2022 Land Rover Defender gets a V8 and a new top Carpathian Edition trim – Roadshow

Land Rover's changes for the V8 model include a new Terrain Response mode for tarmac and loose surfaces like gravel.

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Xbox Live suffers major outage – CNET

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Josh Goldman/CNET

Xbox Live's online platform for console gamers suffered a major outage Thursday, with gamers worldwide taking to Twitter to report troubles logging in.

"We are aware that users may not be able to sign-in to Xbox Live at this time," the company's support account tweeted Thursday afternoon. "Our teams are currently investigating to fix this issue."

Users may also be experiencing issues with purchasing content and party chat too, Xbox Support tweeted later Thursday.

The outage appears to have started shortly after noon PT on Thursday. It's not the first Xbox outage in recent memory -- the platform hit a difficult patch in 2020, with multiple outages as gamers flocked onto the platform for pandemic-borne entertainment.

"We will update here and on http://xbox.com/status when we have more information to share," the company added on Twitter.

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Voxelflow wants to speed your car’s driver-assistance systems way, way up – Roadshow

Machine vision -- aka the process by which a computer able to visually perceive the environment -- is complicated for many reasons, and like most complicated things, it can be handled in a bunch of different ways, each with its strengths and weaknesses. Some of the more common ways of handling this task in a car include radar, ultrasonic, lidar and plain old cameras. 

The thing is, none of those are especially good at seeing an object that's close up quickly with sufficient resolution, and then getting that information to the car's computer fast enough for the vehicle to be able to act on it. For example, you're driving, a kid runs into the road and now your car has to see the kid and apply the brakes before you hit them. A company called Terranet believes it has a solution to that problem, which it announced on Thursday, and it's called Voxelflow.

If you're like me, the first thing you're probably thinking after reading the name "Voxelflow" is, "What the hell is a voxel? That sounds made up." Well, I wasn't sure either, so I asked Dr. Anthony Roy, an expert in machine vision, for a total layperson's explanation:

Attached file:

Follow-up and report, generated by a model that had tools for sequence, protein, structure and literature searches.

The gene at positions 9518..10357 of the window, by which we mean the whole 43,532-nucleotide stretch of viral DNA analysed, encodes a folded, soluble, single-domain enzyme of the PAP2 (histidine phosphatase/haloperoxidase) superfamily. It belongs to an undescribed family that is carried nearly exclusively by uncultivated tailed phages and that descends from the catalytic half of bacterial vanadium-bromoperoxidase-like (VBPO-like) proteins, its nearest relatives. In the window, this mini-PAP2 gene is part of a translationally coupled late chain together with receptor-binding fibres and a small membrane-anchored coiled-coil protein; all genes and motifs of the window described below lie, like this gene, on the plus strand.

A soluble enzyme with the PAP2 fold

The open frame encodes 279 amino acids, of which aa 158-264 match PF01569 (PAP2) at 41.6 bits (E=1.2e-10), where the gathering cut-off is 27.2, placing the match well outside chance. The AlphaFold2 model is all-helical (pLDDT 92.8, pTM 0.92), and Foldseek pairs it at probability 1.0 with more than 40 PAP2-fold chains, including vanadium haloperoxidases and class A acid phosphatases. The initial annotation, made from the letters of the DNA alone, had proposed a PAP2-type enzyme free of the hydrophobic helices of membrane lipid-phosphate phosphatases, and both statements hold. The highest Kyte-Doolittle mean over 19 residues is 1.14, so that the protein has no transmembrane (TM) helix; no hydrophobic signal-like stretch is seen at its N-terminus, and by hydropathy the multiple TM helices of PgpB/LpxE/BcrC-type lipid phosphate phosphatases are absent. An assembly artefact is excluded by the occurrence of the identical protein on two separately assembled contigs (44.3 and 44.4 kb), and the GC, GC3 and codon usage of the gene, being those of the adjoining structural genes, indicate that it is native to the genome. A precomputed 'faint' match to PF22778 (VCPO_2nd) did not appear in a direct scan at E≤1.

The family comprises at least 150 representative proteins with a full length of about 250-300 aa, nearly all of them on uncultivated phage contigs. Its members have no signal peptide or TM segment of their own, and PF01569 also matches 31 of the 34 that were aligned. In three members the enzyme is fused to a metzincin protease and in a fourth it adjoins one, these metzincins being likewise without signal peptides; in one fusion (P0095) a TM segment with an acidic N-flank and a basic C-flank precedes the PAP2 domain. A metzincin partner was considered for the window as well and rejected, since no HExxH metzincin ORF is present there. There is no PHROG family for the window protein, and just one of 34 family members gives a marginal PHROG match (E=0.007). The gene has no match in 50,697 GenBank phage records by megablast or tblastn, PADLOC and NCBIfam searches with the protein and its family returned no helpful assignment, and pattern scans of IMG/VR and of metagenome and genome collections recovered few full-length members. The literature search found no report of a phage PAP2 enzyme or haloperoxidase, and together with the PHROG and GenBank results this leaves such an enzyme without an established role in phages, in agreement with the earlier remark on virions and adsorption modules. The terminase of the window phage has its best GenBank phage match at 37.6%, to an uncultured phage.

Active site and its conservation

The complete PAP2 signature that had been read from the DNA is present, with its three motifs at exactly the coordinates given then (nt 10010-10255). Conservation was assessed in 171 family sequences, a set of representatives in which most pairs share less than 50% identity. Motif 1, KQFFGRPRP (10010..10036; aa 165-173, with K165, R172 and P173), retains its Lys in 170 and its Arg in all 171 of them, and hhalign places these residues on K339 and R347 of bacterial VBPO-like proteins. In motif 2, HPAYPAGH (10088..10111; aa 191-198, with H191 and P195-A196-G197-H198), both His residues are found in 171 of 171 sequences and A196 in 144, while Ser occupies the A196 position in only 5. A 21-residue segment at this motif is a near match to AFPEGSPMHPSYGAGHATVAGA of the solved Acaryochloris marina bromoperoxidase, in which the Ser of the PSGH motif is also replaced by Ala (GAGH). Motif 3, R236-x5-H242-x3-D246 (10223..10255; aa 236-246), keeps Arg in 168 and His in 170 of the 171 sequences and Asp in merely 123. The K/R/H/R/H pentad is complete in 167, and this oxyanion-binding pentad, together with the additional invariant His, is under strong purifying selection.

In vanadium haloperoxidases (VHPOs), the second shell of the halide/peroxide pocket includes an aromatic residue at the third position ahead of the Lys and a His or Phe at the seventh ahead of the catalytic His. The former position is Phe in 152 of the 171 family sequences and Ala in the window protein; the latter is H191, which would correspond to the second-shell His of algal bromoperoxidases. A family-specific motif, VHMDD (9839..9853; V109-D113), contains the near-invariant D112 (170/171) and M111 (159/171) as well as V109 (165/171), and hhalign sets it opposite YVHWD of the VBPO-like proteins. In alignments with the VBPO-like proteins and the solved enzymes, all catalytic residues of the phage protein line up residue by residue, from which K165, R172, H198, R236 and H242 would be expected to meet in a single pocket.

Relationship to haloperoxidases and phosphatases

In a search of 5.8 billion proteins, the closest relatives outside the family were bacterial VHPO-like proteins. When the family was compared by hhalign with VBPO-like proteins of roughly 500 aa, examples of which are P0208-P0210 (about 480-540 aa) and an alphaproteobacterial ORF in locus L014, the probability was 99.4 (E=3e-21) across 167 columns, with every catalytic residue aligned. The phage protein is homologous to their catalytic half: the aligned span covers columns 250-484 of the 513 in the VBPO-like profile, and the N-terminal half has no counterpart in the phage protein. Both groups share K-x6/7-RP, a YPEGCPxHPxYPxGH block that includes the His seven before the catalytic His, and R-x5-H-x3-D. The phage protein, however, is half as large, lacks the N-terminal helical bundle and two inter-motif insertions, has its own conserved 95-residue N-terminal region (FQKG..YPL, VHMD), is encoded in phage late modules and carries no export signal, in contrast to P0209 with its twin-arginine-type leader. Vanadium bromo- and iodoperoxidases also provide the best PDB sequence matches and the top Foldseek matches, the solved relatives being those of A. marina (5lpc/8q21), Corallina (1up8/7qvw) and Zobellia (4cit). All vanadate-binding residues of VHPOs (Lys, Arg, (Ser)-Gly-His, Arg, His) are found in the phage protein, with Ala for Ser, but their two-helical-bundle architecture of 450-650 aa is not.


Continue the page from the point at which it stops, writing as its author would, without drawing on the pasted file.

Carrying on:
"A voxel is like a pixel. A pixel is a point in two-dimensional space with an X and a Y coordinate -- like the pixels on your TV. A voxel is the same, except it's in 3D space, so it has an X, a Y and a Z coordinates."

OK, so how does the Voxelflow system generate the cloud of voxels (aka a point cloud) it needs to define an object in space? Well, unlike most on-vehicle cameras, which use traditional shutter and sensor-based cameras, the Voxelflow system uses something called an "event camera," or, more specifically, three of them and a laser.

An event camera doesn't have a shutter. Instead, the individual pixels that make up the camera's sensor independently react to changes in brightness as they occur. This makes an event camera much quicker to respond than a shutter-based camera with less chance of motion blur. Cool, right?

So, now we've got three cameras to capture the images of the object we're trying not to hit, but those only give us the X and Y coordinates. The Voxelflow system's big innovation is a scanning laser that locks onto objects detected by the cameras and provides that Z coordinate, locating the object in space and turning a pixel into a voxel.

"You can use multiple 2D cameras to generate that third coordinate," continues Dr. Roy. "The problem is that it takes longer for a computer to crunch that data. Using lidar or something like this [Voxelflow] system is going to be faster."

The result of this is a system that can see, parse and react to a possible collision in five milliseconds. But wait, as they say, there's more. Instead of just storing all its data locally, Voxelflow is partnering with Mercedes-Benz to apply it to Mercedes' Live Map technology.

Nihat Kuecuek, who works for Mercedes on its maps and navigation projects, describes the way Live Map will integrate the Voxelflow data using the three states of matter: solid, liquid and gas. 

The objects that don't change -- buildings, etc. -- are like solids. Things that change on occasion -- crosswalks, traffic lights, etc. -- are like liquids. The Voxelflow data collected by vehicles as they drive, documenting things that change frequently, are like gases. All three are used to generate a more complete, living map that is then streamed, rather than downloaded, to a vehicle.

The end result of the Live Map integration will be more effective navigation and the ability for safer route planning. The benefits of this will be felt with conventional, human-driven vehicles but will genuinely pay dividends when Level 4 and Level 5 autonomous vehicles start to exist widely on public roads.

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TikTok to pay $92M to settle lawsuit over data privacy – CNET

TikTok America
James Martin/CNET

TikTok has agreed to settle a lawsuit alleging that the app captured biometric and private data from users in the US. Several law firms reached a settlement with the social media app on Thursday, with TikTok agreeing to pay $92 million.